No holiday movies would ever be complete without a special mention to John Hughes' buddy-comedy classic, PLANES, TRAINS AND AUTOMOBILES. Prior to this movie, Hughes is best known for his defining teen genre in the '80s by the likes of SIXTEEN CANDLES, THE BREAKFAST CLUB and FERRIS BUELLER'S DAY OFF. PLANES, TRAINS AND AUTOMOBILES marked his first foray into adult comedy. A radical departure, indeed but Hughes manages to hit (almost) all the right buttons here.
Tuesday, 20 November 2012
Oh, finally! After four highly-successful blockbuster movies (beginning with 2008's TWILIGHT and right up to 2011's THE TWILIGHT SAGA: BREAKING DAWN - PART 1), the lucrative series has come to an end with the fifth and final chapter that sees director Bill Condon back for the second round. In BREAKING DAWN - PART 1, he had a difficult task to adapt what was widely regarded the most controversial book of the series which dramatically alternated from high-school romance to darker subject matters like intimacy issues and unexpected pregnancy. He succeeded some of those elements there, but mostly failed to deliver a compelling whole due to his lackluster direction. So now he returns with THE TWILIGHT SAGA: BREAKING DAWN - PART 2, and I'm eager to see whether he saves the best for the last. For some reasons, there are slight improvements here and there. But overall, given the fact this is the final chapter of a highly-regarded series, it remains as a disappointment.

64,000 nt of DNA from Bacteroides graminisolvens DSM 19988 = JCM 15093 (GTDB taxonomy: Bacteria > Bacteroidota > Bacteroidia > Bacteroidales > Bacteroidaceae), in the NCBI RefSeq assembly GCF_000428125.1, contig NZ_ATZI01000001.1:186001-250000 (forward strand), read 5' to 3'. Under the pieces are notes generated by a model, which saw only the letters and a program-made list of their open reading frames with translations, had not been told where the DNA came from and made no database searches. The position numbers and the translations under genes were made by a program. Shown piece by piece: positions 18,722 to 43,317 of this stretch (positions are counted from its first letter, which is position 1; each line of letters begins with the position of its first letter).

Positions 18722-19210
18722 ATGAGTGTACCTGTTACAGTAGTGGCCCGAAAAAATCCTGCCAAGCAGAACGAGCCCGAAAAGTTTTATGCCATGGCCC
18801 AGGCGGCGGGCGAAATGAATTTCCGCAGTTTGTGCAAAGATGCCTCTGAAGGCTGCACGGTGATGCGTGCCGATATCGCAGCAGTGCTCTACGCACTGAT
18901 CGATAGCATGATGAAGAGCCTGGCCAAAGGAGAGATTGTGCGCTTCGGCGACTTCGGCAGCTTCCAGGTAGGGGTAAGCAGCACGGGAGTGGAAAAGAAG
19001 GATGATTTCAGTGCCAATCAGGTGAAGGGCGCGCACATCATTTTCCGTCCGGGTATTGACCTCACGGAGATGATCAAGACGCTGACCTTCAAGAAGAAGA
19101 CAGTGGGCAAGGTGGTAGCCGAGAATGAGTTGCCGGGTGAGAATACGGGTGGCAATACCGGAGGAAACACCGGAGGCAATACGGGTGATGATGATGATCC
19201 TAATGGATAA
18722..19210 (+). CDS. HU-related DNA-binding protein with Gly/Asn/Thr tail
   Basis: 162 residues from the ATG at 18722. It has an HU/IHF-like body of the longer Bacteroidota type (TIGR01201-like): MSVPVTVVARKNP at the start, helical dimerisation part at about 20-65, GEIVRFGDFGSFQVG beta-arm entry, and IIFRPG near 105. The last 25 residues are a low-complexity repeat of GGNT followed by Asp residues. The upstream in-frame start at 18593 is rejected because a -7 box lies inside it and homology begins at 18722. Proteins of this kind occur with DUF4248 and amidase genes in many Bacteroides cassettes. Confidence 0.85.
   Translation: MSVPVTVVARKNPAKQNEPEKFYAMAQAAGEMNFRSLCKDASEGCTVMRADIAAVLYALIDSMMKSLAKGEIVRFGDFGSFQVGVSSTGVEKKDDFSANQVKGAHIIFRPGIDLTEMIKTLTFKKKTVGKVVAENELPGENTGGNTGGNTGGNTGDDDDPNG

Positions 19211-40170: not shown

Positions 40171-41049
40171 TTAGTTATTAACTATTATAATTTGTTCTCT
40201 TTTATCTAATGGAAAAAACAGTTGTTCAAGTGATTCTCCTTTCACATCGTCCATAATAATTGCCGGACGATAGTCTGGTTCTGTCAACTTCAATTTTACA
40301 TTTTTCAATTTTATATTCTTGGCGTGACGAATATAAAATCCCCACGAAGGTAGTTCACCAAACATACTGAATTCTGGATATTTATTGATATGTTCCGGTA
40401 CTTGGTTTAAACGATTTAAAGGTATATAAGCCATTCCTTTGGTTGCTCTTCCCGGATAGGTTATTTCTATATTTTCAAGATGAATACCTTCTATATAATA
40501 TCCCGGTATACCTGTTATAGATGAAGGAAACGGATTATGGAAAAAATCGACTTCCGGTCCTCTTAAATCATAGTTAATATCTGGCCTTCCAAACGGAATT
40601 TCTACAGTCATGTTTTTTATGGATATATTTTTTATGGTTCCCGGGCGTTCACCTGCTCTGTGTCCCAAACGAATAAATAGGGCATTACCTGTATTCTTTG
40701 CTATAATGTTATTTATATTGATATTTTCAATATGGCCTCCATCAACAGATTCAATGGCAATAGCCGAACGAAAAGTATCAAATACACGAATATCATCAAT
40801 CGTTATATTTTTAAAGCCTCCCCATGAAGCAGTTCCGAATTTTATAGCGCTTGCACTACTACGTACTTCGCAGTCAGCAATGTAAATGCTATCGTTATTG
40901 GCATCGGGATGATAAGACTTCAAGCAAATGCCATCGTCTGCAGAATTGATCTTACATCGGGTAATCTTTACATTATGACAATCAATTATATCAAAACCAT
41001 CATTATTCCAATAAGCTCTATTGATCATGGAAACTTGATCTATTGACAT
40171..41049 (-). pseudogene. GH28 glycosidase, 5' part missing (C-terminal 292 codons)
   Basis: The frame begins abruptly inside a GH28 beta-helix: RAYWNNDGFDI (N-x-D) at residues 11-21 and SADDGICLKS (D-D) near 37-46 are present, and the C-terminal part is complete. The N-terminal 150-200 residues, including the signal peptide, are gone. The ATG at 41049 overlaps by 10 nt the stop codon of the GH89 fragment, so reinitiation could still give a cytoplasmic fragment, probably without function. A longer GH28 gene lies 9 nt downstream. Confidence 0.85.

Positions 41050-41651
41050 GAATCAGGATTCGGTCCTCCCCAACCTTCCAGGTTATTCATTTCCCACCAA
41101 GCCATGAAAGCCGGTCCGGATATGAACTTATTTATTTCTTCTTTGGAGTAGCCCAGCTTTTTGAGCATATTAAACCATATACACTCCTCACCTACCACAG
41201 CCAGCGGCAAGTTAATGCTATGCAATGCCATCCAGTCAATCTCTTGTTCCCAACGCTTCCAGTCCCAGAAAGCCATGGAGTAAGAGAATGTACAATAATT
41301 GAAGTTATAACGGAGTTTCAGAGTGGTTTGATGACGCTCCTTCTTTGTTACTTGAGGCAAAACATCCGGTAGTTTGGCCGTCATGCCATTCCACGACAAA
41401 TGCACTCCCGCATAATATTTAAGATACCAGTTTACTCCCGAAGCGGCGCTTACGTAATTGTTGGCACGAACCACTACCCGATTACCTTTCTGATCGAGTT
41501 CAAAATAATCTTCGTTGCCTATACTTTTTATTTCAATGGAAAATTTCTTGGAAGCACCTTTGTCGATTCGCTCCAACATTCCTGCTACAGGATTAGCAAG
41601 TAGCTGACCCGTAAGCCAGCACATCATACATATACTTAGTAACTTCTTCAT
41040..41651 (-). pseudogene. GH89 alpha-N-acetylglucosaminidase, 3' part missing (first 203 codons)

Monday, 19 November 2012
Home-invasion thriller is nothing new. We have seen them before in movies like STRAW DOGS (1971), right down to FUNNY GAMES (2007) and THE STRANGERS (2008). As formulaic or shopworn that particular subgenre is, home-invasion thriller can still be a gripping cinematic experience if done with the right level of skill and intelligence. Fortunately, first-time feature director Jeremy Power Regimbal's IN THEIR SKIN (formerly known as REPLICAS -- which sounds too sci-fi for me) manages to give this an otherwise same-old genre thriller with a disturbingly edgy undertone and particularly heighten the movie with compelling performances by its leads.
Sunday, 18 November 2012